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Gentleman's Military Interest Club
Gordon Williamson

Austria Hungary

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Same medal, different ribbon

kind regards,

Jef

[attachmentid=62952]

[attachmentid=62953]

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The stripes on the ribbon denote repeat awards. The holder of #1 took longer to learn to duck than #2 :rolleyes:

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To clarify, the center stripes on the ribbon denote each award for wounds. One center stripe = one wound, two = two wounds, etc.

Without any center stripes, e.g. a green ribbon with red edge stripes, the medal was for Kriegsinvaliden.

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I have herd that the lowest grades of the Iron Crown was an award for being wonded (among other things) prior to the Kral Wound Medals - is there any truth to this???

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I have herd that the lowest grades of the Iron Crown was an award for being wonded (among other things) prior to the Kral Wound Medals - is there any truth to this???

Hallo hunyadi :beer:

Article III; of the Wound Medal riteria states: " In addition to those actually wounded or gassed the following members of the armed forces who had suffered permanent health impairment and had not, as a result had the oppertunity to earn a decoration for bravery were entitled to receive the (wound) medal.

(1) Individuals removed from thefrontline duty as a consequence of illness attributable to conditions of service.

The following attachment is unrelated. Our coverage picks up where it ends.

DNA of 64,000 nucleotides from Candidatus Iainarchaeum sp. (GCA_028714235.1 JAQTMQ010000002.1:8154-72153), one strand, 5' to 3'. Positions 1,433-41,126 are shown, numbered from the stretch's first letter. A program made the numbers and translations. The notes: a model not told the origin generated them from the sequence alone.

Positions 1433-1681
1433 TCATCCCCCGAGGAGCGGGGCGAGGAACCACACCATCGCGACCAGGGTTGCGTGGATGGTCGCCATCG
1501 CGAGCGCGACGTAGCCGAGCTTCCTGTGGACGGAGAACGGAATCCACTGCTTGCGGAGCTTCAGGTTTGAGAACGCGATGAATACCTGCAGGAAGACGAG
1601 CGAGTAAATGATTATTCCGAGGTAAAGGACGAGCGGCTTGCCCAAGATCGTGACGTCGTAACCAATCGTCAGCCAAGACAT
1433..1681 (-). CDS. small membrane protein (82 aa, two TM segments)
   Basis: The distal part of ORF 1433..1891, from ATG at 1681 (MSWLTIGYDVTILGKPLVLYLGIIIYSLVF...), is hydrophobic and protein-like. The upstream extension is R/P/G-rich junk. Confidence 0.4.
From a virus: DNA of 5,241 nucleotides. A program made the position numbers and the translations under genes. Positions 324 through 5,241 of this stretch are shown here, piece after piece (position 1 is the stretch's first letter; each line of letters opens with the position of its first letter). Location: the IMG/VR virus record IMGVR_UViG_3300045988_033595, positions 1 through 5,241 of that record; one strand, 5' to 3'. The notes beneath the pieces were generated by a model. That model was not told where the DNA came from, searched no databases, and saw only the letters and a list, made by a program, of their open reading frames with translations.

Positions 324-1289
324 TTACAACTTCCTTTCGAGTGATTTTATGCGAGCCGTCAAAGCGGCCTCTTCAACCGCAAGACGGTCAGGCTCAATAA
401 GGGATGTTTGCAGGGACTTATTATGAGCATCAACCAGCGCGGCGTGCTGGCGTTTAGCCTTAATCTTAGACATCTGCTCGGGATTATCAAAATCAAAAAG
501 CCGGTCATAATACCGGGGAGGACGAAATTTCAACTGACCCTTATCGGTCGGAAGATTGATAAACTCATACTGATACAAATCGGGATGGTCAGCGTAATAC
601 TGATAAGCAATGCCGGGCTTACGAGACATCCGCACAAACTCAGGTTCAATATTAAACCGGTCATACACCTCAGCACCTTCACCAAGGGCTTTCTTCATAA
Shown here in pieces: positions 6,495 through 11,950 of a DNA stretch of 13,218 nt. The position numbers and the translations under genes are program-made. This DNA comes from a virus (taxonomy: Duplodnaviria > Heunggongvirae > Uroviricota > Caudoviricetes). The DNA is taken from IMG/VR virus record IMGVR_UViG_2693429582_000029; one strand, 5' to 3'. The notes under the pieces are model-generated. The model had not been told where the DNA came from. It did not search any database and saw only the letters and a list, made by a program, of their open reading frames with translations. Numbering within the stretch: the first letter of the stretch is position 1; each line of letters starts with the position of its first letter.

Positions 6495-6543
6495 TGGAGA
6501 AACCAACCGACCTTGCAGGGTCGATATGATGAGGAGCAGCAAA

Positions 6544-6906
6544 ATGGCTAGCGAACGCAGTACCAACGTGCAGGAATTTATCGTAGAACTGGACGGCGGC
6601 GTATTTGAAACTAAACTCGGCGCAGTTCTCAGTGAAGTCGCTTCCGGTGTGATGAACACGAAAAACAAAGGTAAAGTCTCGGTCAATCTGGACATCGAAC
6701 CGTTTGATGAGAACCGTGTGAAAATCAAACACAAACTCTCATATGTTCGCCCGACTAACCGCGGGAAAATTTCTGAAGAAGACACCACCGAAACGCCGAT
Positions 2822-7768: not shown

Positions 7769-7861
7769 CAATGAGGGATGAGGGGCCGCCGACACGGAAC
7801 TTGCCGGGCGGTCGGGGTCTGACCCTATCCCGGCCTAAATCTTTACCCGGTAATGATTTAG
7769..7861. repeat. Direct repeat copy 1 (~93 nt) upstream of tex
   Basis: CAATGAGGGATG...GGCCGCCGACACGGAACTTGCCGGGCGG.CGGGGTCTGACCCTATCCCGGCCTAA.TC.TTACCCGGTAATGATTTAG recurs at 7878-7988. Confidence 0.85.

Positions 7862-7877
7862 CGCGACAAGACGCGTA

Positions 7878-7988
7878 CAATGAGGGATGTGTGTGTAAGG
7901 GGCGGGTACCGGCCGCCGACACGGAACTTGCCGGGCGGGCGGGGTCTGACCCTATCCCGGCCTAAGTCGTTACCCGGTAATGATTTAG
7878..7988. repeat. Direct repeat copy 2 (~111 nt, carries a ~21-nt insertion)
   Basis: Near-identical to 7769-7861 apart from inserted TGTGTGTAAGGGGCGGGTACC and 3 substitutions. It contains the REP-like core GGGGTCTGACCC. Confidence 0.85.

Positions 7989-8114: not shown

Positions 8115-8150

(2) Individuals serving in the rear areas of a theatre of operations wounded through enemy action (e.g., bombing, artillery fire), or those who health had been seriously impaired as a consequence of injury or conditions service.

(3). Individuals not serving in the field army, wounded through enemy action or those whose health had been seriously impaired as a consequence of injury or other war-related circumstances.

* strange to say. a significant injury resulting from falling off ones wounded horse might qualify. However, exactly the same injury incurred as a consequence of the horse stumbling would not qualify one for the medal, the latter would be regarded as the result of poor horsemanship!! or careless use of personal weapons, wounded by friendly fire, or the explosions of one's own ammunition or ordanance.

It should also be noted that, as was commonly the case, wounds simultanesously incurred were regarded as a single wound. In addition the ribbons of wounds stemming solely from illness were not embelished by stripes.

Article IV: Individuals not in the Armed Forces were also to be awarded the medal under any of the conditions specified under Article III.

The Austro-Hungarian Armies were unique in the fact that a wound stripe was worn on the service caps. The latter was in field grey tunic material adopted in 1915, with a short black compostion peak, itself frequently covered with grey cloth or paint.(7) Ear flaps could be buttoned under the chin, or when not in use, fastened together at the front of the cap with the two buttons in the regimental pattern.